INDIANAPOLIS (AP) — A Marion County prosecutor said Monday he won't seek the death penalty for three people charged in a deadly Indianapolis house explosion because a jury is unlikely to choose that option.
Prosecutor Terry Curry announced he will seek life sentences without parole if a jury convicts Monserrate Shirley, her boyfriend Mark Leonard and his brother, Bob Leonard. All three face murder, arson and conspiracy charges in the Nov. 10 blast that destroyed dozens of homes and killed two people.
"If we go down a path that is easily a 10-, 12-, 15-year process, we want a pretty significant comfort level that at the end of the day it will result in the punishment requested," Curry said. "Experience shows that the likelihood that anyone would ever be executed when a request for the death penalty is filed is highly unlikely."
Indiana University law professor Fran Watson pointed out that until last week, when a Lake County jury recommended the death sentence for a Gary man convicted of killing his wife and two stepchildren, an Indiana jury had not suggested the punishment in three years.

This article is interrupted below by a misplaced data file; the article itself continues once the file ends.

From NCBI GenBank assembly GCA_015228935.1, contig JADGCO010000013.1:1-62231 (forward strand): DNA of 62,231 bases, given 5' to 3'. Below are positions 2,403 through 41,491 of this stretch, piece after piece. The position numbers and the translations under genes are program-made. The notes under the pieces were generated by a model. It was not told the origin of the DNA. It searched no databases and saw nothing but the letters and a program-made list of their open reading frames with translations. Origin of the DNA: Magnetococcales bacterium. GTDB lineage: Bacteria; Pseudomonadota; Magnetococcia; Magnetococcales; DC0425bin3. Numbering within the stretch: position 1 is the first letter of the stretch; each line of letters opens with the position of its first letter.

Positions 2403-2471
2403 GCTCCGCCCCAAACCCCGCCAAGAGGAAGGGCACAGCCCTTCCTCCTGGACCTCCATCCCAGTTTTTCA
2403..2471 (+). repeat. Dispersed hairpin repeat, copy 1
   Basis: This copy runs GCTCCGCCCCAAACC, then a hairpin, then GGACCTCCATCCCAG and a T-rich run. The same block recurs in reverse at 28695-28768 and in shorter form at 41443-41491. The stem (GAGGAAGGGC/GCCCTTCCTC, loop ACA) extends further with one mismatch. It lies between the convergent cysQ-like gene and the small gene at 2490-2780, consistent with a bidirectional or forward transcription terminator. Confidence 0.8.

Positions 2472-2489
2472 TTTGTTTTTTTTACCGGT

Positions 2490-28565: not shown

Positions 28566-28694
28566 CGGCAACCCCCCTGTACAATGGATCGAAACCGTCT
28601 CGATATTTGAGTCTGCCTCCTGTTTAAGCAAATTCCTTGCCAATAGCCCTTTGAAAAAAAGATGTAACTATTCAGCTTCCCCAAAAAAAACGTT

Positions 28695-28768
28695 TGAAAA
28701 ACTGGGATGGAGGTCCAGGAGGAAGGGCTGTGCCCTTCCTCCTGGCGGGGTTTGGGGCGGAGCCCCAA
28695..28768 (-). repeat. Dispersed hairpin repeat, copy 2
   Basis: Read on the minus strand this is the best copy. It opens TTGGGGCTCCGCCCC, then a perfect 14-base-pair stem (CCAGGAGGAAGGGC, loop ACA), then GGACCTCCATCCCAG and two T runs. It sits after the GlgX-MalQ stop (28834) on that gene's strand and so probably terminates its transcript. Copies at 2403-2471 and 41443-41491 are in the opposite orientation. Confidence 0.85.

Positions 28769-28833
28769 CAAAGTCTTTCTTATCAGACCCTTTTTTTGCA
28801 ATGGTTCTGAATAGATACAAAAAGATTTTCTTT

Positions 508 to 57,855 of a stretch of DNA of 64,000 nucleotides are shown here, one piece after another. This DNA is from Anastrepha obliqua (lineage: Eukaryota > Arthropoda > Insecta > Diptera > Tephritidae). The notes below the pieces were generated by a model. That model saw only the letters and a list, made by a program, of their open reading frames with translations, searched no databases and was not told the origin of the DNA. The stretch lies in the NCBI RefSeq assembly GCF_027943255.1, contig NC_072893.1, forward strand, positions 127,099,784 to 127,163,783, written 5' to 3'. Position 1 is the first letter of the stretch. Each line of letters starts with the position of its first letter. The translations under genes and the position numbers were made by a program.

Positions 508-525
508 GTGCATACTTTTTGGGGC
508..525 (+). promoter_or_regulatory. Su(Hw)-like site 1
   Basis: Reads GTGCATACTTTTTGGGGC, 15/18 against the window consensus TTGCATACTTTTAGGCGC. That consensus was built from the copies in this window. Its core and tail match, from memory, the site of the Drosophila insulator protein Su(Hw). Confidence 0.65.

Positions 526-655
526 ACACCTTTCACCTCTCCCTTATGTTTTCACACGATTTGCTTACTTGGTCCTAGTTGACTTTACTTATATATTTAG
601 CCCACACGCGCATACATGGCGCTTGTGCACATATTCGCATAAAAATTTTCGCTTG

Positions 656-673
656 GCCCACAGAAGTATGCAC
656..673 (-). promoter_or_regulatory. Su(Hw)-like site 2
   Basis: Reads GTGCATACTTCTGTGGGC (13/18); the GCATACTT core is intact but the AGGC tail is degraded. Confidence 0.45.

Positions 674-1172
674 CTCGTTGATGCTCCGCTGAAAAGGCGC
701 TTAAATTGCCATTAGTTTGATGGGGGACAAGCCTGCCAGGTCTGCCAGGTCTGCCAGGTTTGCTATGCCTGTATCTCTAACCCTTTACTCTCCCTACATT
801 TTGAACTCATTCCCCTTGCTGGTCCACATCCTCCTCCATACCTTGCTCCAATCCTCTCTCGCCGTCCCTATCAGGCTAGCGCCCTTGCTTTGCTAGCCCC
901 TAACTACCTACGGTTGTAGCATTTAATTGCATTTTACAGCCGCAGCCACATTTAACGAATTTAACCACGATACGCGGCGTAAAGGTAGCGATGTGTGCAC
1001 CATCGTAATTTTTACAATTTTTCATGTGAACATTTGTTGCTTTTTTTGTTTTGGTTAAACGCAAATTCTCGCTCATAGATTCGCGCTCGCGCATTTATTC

The availability of life without parole also has made juries less likely to deliver a death sentence, she said.
Investigators say Shirley and the Leonards intentionally created a gas explosion in Shirley's home in hopes of collecting insurance money. Thirty-three homes in the Richmond Hill subdivision on the far south side of Indianapolis were damaged so extensively they had to be demolished.
A microwave set to start on a timer sparked the explosion in Shirley's gas-filled home, Curry said. Investigators determined that a gas fireplace valve and a gas line regulator in the house were removed. Investigators believe the trio also tried but failed to blow up Shirley's home the weekend before.
John and Jennifer Longworth died after the explosion ignited another explosion and resulting fire at their house. Curry said he consulted with the victims' parents, but declined to say if they supported his decision to seek life without parole.
Curry also announced new charges. The state has filed a motion to add a felony count of arson against all three defendants for damage to houses in the neighborhood that did not require demolition.
The state also requested a felony charge of insurance fraud against Shirley and felony charges of conspiracy to commit insurance fraud against Shirley and Mark Leonard.
Shirley's attorney did not immediately return a call seeking comment.
Associated Press writer Ken Kusmer contributed to this report.